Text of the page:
For $4.99 a month, you sign up online for an Outbox account (they also have apps), and then an Outbox employee comes to your house, picks up your mail, takes it back to Outbox HQ, opens it, scans it, and gives you access to it via your account.
Are you shitting me? As the very funny @NextTechBlog put it:
Why, At This Stage In The Cycle, It Seems Perfectly Reasonable To Let A VC-Backed Tech Startup Open All Your Mail
He was — if you’ll forgive the use of a lint-covered term from the cultural sock drawer — a metrosexual avant la lettre. Unlike the hippies and gender benders and rocker peacocks who were his near contemporaries, Joe Namath wasn’t toying with masculinity. His liking for nice clothes was no particular “tell” for sexual preference. That he wore coats made from the sheared pelts of expensively farmed rodents did not mean Joe Namath secretly liked men: it meant he liked mink.
Speaking at the TED Conference today in Long Beach, Calif., Brin told the audience that smartphones are “emasculating.” “You’re standing around and just rubbing this featureless piece of glass,” he said.
Using Google Glass requires a fair bit of rubbing as well, and the prototypes have fewer hardware features than most phones. But Brin said they improved on smartphones in certain ways, particularly in having a camera ever-ready to start snapping pictures.
Are Google executives completely oblivious to the words coming out of their mouths?
According to the Oxford Dictionary:
emasculate: deprive (a man) of his male role or identity
Google executives worry that Samsung has become so big—the South Korean company sells about 40% of the gadgets that use Google’s Android software—that it could flex its muscle to renegotiate their arrangement and eat into Google’s lucrative mobile-ad business, people familiar with the matter said.
Now, as top executives from the world’s mobile industry gather in Barcelona, Google is meeting with other companies in hopes that their Android devices can keep Samsung’s leverage in check by providing legitimate competition, the people said.
This is the least surprising news I’ve heard since AppleInsider reported that Apple would make a thinner and lighter iPad this year.
Remember: Samsung makes the most money off Android, by far — including Google. Samsung is in a very real position to create their own fork of Android, call it “sAndroid”, and remove all legacy support from it. They could singlehandedly steer that mobile operating system, if they wanted to, and that must scare the shit out of Google.
They seem to want developers to start using App.net as a primary storage and communication platform. When they launched, this was something cool developers could do. Now, it seems like this is what developers should do, and this is how we’re supposed to view App.net.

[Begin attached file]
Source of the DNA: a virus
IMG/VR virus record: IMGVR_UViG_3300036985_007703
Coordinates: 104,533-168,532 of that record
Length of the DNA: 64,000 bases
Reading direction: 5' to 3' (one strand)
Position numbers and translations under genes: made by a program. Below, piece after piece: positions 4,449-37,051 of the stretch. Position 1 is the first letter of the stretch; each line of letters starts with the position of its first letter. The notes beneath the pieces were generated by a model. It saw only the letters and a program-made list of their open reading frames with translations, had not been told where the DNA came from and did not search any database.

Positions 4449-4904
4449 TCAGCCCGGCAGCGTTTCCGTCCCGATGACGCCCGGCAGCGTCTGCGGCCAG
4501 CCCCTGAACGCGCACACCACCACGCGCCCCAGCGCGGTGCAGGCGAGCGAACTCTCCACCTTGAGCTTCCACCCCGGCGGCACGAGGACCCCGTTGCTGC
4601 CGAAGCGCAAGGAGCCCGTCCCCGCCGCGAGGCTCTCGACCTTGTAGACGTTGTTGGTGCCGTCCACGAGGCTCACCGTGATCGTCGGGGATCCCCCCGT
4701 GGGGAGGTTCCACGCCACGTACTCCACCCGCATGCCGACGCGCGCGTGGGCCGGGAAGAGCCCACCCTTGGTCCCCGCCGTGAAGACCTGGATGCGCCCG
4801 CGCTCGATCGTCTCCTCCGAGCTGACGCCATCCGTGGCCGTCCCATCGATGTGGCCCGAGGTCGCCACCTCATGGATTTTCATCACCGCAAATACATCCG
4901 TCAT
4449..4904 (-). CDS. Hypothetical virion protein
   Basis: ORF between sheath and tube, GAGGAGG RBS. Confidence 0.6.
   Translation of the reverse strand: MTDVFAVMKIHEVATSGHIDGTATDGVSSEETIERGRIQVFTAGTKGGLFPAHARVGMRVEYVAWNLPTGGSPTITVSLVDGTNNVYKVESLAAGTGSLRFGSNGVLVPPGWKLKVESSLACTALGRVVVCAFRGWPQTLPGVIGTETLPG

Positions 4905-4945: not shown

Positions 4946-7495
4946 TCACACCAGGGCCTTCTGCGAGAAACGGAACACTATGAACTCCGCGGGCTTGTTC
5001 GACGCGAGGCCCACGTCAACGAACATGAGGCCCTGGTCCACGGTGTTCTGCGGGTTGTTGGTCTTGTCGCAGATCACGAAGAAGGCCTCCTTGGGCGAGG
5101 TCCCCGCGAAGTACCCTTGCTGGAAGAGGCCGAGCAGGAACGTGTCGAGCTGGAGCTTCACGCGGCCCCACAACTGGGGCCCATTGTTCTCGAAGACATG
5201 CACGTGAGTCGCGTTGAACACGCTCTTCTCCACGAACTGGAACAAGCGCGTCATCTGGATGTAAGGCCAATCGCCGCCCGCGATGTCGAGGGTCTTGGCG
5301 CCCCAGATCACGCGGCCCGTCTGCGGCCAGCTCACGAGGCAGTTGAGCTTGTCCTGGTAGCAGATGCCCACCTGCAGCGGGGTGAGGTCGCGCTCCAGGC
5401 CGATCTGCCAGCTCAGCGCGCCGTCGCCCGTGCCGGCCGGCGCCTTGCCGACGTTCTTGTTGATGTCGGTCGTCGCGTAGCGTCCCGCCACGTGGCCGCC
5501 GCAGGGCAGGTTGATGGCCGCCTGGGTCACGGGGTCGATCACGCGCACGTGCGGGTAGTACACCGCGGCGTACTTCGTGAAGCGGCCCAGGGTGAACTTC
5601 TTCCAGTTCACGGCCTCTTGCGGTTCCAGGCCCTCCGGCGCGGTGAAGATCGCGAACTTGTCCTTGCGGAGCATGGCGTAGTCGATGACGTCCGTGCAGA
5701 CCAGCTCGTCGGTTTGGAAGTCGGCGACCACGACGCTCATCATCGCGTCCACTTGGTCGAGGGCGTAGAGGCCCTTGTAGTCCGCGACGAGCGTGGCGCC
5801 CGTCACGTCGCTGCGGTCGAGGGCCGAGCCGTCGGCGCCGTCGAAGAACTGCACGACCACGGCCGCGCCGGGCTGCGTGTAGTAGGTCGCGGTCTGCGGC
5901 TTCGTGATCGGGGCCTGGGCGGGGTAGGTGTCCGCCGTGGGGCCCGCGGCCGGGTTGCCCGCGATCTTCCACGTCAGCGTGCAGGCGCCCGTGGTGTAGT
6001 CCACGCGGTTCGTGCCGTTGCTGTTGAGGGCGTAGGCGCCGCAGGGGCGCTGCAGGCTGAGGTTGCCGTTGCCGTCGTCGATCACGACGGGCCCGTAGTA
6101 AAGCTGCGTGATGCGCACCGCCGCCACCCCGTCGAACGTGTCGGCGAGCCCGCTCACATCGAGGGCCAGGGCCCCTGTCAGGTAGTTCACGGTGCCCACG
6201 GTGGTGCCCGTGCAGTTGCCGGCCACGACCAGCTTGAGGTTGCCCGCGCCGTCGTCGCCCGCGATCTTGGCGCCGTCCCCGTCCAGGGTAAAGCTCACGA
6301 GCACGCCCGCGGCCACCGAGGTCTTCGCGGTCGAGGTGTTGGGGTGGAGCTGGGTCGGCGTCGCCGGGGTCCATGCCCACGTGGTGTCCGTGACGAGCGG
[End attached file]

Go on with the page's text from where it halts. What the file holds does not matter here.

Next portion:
As a developer, I don’t think I’d go anywhere near that type of integration.
To get access to the App.net free tier, you must have an invite. These invites are being distributed to current App.net members on paid plans.
This was a smart setup from Caldwell from the beginning. He began as a paid service, then created a free option when he found buoyancy. Other sites — Twitter, Facebook, etc. — do the opposite, and scramble to find a profitable angle. Caldwell has created a company that isn’t indebted to venture capitalists, doesn’t serve ads, and appears to be scalable.
If the barrier of entry created by being a paid-only service was the main thing that dissuaded Twitter from being worried about a competitor, they should be tugging at their collars a little now. Nothing will change overnight, but if Twitter continues its slow march to try to become profitable, there could be an interesting shift in the user base.
In other news, the whole website got a redesign to make it not look like a skinned Bootstrap app. Nice.
It’s a bit heavier than the MacBook Air — 3.35 pounds vs. about three flat — but everyone who asked to use the Pixel said something about it being noticeably heavier.
The smooth, glassy trackpad is fast and responsive — though it’s missing some of the gestures I love about OS X, and is really limited to pointing and scrolling plus the rare pinch-to-zoom gesture.
The touchscreen works relatively well when I try to use it, though it does tend to scroll in fits and starts rather than glide smoothly underneath my finger. But thanks to some combination of the excellent trackpad and my subconscious reticence to sully the gorgeous display with fingerprints, I just used the Pixel like it had no touchscreen.